The Great Hip Hop Hoax: Lies about the lies


I first read about the audacious deception in The Great Hip Hip Hoax that rap duo Silibil 'N Brains undertook in a newspaper article way back in 2008. 

Why would they be convinced that lying about their whole identities and pretending to be Californian was the only way to make it in music? What was the effect on them as people, did it mess with their heads?

I’m never quite sure where the next story is going to come from and I had that tiny moment of “yeah, this could be a film.”

A harrowing open audition for a young Scottish rap trio set the wheels in motion

It took about five years from start to finish, I realise that sounds like a long time but it’s not unusual in filmmaking.

I met with Gavin Bain (Brains) four days after his story came out in a newspaper and I started filming him immediately.

I did keep asking myself – “Is this just a massive hoax?” As soon as I started seeing evidence like backstage passes from Sony, CDs, and speaking to people who were taken in I knew it was real. 

There was a lot of interest in Gav’s story and we had to wait for a while to get hold of his documentary rights.

My producer Al Morrow from Met Film and I decided to put the project on hold and I made another film in the meantime, Sound It Out.

It was worth waiting until I was able to tell the story from both men’s perspective.

This is a story about their relationship, their different versions of the truth and navigating the path in between the “lies about the lies about the lies.”

A regular interview question was "How much have you been lying to me?" And they did lie to me, both of them at times.

Billy Boyd (Silibil) basking in the golden glow of fame

The quest for truth also governed the way the film looks – we put the cameras close to capture the micro-expressions inherent in lying and bounced gold light off all the interviewees faces to give a sense of the allure of fame, tantalisingly close, yet out of reach.

I also filmed Gavin in the back of a cab as he recalled seedy London tales and in a light installation by Bruce Munro to give a very particular look.

Gavin Bain (Brains) under the bright lights of Bruce Munro's installation

Gavin and Billy Boyd (Silibil) were not speaking at the time of making the film so I filmed them separately throughout. Scenes were shot to be edited together later on – like the end credits.

Other images of wind turbines and moody clouds were things that we always saw when filming in Scotland, they offered a very different atmosphere to the frenzy of London.

When I first met Billy, I immediately thought – 'you’re just like a Jon Burgerman drawing come to life, let’s animate some of the story.' It was as instant as that to be honest.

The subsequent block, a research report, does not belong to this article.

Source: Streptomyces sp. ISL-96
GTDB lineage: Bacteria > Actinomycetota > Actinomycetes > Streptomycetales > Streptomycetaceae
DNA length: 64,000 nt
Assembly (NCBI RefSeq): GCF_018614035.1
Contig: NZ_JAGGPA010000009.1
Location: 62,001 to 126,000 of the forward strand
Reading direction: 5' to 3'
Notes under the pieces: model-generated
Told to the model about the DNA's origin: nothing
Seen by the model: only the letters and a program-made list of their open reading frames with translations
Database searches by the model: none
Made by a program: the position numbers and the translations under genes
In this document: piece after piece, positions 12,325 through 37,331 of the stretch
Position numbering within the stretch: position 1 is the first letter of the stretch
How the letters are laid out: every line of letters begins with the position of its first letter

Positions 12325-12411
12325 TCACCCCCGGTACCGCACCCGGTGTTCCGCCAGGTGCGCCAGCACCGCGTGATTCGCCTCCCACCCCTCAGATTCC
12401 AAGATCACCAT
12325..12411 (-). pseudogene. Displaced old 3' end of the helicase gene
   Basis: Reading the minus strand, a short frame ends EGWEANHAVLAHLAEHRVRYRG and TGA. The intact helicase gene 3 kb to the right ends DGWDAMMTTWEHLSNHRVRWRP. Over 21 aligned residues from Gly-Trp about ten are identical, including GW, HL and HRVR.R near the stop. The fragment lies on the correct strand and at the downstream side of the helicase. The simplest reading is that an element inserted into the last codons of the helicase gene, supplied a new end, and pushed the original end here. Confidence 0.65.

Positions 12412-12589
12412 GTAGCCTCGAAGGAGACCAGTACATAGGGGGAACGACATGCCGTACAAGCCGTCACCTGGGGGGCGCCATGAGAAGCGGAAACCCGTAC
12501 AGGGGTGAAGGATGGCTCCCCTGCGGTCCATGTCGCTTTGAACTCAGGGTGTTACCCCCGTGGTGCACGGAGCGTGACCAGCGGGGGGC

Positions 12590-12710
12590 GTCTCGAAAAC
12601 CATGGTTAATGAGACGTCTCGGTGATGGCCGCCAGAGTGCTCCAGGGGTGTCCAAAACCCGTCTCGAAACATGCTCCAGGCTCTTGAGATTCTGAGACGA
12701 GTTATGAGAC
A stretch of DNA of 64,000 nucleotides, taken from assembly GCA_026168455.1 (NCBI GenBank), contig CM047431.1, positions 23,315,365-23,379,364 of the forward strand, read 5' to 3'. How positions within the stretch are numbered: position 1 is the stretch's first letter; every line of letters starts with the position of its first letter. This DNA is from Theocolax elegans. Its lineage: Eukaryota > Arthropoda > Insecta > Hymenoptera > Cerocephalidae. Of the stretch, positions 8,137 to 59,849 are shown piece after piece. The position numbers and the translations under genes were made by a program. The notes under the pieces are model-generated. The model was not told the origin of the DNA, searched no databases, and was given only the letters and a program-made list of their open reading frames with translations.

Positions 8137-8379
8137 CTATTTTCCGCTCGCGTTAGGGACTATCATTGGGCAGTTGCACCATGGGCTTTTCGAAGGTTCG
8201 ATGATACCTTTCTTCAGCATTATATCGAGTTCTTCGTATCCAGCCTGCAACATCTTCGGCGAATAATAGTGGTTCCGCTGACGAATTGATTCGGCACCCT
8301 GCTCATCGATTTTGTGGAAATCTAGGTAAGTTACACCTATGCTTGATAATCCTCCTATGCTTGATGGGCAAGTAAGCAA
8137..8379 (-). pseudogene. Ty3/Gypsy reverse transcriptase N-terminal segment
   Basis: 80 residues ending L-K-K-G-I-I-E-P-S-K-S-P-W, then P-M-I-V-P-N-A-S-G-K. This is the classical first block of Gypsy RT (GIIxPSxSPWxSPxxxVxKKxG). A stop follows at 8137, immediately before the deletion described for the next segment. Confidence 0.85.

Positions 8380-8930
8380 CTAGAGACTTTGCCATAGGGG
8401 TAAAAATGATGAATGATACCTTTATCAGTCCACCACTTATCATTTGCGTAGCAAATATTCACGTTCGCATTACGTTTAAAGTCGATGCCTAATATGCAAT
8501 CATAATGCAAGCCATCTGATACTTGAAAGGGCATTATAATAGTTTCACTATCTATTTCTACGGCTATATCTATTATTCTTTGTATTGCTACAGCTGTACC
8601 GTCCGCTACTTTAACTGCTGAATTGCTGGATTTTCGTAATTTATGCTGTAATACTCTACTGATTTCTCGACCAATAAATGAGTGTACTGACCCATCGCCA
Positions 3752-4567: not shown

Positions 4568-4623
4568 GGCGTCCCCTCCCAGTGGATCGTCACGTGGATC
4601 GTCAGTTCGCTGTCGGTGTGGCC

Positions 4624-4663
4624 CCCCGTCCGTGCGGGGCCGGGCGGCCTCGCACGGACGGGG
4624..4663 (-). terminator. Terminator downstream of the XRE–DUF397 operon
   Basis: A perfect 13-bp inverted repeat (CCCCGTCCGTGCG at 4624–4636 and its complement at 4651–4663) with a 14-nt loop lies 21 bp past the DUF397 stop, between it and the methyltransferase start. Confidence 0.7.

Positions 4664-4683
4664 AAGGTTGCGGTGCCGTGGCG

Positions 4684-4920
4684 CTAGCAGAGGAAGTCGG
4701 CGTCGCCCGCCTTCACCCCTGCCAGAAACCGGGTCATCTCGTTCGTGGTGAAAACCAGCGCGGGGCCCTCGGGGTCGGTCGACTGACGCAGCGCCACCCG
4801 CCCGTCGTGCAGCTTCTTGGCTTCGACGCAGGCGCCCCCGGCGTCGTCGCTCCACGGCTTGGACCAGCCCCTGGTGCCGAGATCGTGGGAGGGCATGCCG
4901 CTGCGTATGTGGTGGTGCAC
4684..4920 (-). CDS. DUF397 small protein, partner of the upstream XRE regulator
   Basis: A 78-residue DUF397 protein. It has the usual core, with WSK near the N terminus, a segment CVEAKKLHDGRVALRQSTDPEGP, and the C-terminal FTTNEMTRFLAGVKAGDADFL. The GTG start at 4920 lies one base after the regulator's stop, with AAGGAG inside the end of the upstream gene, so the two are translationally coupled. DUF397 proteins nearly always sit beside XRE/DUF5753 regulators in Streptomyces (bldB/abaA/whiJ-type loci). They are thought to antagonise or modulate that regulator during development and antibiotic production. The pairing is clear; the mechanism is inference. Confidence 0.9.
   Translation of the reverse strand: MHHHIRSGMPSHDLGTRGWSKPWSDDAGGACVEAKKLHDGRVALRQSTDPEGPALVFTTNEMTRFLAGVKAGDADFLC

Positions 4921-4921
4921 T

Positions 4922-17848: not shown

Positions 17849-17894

Part of the decision was pragmatic because it’s a story that happened in the past and I wanted to bring to life some of the humour, their antics and to heighten that.

It also reflects the two-dimensional cartoon characters they created for themselves. 

Each scene was cut to an edited interview, storyboarded and then refined back and forth between designer Jon Burgerman in Brooklyn, animators Will Anderson and Ainslie Henderson in Edinburgh, and me and my editor Jim Scott in Nottingham.

An animation storyboard: Billy gatecrashes the Brit Awards and meets Daniel Bedingfield

There was much tweaking of eyebrows and small details.

Billy and Gavin filmed themselves extensively in their Silibil 'N Brains personas and the archive enabled me to show rather than just tell elements of the story.

I felt that the audience needed to see them on stage, you need to see them rifling through D12’s dressing room or lying to Sony. Seeing them lying on tape was really exciting.

Billy and Gavin were estranged throughout production, like a couple that had gone through a terrible divorce.

They both saw the finished film last November and realised that they had told me things they should have told said to each other.

Gavin and Billy reunited at the Edinburgh Film Festival screening of the documentary in June 2013

In February this year I saw a mysterious Instagram of the two of them in a recording studio together and in March they came to America for the first time for the world premiere at SXSW.

They played live at the film party and it was like the archive had come to life! They are now recording and performing together again as Silibil 'N Brains. This time as Scottish rappers.

Jeanie Finlay is the director of The Great Hip Hop Hoax. Follow Jeanie Finlay on Twitter.

The Great Hip Hop Hoax is part of Storyville on BBC Four at 10pm on Wednesday, 23 October.

Jeanie Finlay will be responding to questions online in a live Q&A immediately after broadcast at 11.30pm.

More on The Great Hip Hop Hoax
BBC Four: Storyville: Animating The Great Hip Hop Hoax
BBC News: The great hip hop hoax - How the 'rapping Proclaimers' lived a lie
The Telegraph: The Great Hip-Hop Hoax director: 'they created these characters that they despised and hated'




Comments made by writers on the BBC TV blog are their own opinions and not necessarily those of the BBC.


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